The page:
Halston Taylor Announces His Retirement as DAPER Establishes Cross Country and Track & Field Endowment

Head coach Halston Taylor watching a track meet at URI in 2020.
Photo by DSPics.com

Cambridge, Mass. (December 8) -- The MIT Department of Athletics, Physical Education and Recreation (DAPER) has established the endowment for the Director of Cross Country and Track & Field Operations/Head Coach position, as announced by Dr. G. Anthony Grant, director of athletics/DAPER department head. 

In the future, the endowment fund will be named after head coach/director of track & field Halston Taylor, who is announcing that he will retire on December 11, 2021. Taylor will be on sabbatical for the 2020-21 indoor and outdoor track and field seasons before returning for his final cross country season in the fall of 2021.

"Throughout his 39-year career, Halston has made an impact on so many student-athletes and shown such a passion for his programs and striving for excellence in all areas," said Dr. Grant. "He cares very deeply for his student-athletes and that is evident in everything that he does. To have this endowment established in his honor is a fitting tribute to someone who has built such a tradition of excellence and had a positive effect on hundreds of athletes over his long career."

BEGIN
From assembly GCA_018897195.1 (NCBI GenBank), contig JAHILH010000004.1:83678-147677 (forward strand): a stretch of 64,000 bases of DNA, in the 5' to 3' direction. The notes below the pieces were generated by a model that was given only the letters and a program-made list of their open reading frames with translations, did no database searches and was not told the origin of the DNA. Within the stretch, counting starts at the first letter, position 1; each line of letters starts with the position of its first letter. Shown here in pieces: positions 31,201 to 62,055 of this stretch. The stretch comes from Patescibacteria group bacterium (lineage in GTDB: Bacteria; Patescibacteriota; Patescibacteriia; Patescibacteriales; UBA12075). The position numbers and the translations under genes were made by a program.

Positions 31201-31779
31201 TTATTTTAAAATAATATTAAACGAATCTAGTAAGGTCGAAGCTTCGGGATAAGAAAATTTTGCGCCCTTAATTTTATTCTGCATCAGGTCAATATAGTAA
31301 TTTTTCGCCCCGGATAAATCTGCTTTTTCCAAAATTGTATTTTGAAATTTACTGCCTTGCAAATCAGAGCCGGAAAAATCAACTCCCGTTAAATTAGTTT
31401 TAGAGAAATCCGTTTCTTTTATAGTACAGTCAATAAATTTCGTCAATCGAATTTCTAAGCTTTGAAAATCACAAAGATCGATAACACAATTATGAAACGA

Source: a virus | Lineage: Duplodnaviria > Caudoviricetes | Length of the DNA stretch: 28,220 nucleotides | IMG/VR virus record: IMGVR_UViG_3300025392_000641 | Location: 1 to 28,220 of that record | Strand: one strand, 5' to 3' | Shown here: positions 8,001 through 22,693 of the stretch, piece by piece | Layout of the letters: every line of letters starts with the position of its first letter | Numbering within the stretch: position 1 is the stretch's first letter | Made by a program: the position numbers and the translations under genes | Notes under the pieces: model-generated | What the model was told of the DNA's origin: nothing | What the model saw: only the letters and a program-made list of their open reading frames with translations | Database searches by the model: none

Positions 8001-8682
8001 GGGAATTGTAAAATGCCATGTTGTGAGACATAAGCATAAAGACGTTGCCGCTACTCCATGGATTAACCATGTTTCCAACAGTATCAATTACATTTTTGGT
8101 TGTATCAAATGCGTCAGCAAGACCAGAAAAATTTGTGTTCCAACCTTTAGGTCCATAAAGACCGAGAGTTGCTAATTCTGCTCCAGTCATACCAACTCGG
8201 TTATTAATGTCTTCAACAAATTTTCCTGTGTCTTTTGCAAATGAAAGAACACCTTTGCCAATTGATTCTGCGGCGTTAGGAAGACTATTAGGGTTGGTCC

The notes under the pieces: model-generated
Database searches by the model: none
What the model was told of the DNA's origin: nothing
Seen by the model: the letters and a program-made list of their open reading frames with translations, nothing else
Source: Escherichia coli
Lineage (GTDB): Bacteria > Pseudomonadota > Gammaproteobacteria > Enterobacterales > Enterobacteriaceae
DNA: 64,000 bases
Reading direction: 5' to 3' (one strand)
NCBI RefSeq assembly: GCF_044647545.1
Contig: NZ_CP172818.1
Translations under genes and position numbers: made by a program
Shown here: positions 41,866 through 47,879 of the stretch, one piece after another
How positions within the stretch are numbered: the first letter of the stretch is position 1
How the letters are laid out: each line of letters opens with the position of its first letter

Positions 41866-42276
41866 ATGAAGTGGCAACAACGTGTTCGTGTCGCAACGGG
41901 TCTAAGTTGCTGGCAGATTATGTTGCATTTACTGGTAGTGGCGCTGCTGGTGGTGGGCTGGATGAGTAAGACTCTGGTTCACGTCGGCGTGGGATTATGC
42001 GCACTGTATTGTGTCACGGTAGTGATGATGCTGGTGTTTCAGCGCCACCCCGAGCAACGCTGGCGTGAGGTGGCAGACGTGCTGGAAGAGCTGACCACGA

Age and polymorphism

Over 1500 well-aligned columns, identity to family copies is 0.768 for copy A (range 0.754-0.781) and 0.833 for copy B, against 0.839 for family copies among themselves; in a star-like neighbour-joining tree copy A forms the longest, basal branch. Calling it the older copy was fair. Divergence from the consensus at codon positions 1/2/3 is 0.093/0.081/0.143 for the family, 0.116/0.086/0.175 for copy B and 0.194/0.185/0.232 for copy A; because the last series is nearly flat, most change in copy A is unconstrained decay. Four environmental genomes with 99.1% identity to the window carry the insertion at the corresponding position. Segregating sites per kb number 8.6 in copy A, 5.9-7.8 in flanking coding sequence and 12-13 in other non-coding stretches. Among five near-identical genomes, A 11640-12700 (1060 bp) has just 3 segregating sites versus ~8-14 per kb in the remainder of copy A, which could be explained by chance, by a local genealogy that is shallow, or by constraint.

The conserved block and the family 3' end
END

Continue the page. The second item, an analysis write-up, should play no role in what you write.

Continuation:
The first donor to help establish the endowment is Chris Schell '96, who's gift launched the fund in in honor of Coach Taylor. Schell, a 1996 graduate of MIT, was a member of the MIT track and field team who competed as a long-sprinter and middle-distance runner during his time in Cambridge.

"When I was fortunate enough to get the initial position of men's head cross country coach and men's assistant track and field coach in 1982, I had no plans, or sense of remaining at MIT for what will end up being 39 1/2 years," said Taylor. "What kept me here were myriad situations and opportunities; the fact that MIT is an excellent place to work for both me and my family, the mentorship and leadership supplied by Gordon Kelly in my early years, and the amazing opportunity to work with the best and brightest student-athletes in the world. This job never seemed like work. I truly looked forward to every workday, at least until the coronavirus."

"I was incredibly fortunate to have enjoyed the competitive success earned by our cross country and track and field teams and individuals. A great part of that success is owed to the athletic department for providing the necessary resources, the alumni for their involvement in the cross country and track and field family and the very generous donations that provides the resources necessary for running a competitive program at the highest level, and again, the wonderful student-athletes for their sacrifice (giving up on other opportunities MIT provides) and commitment to the program."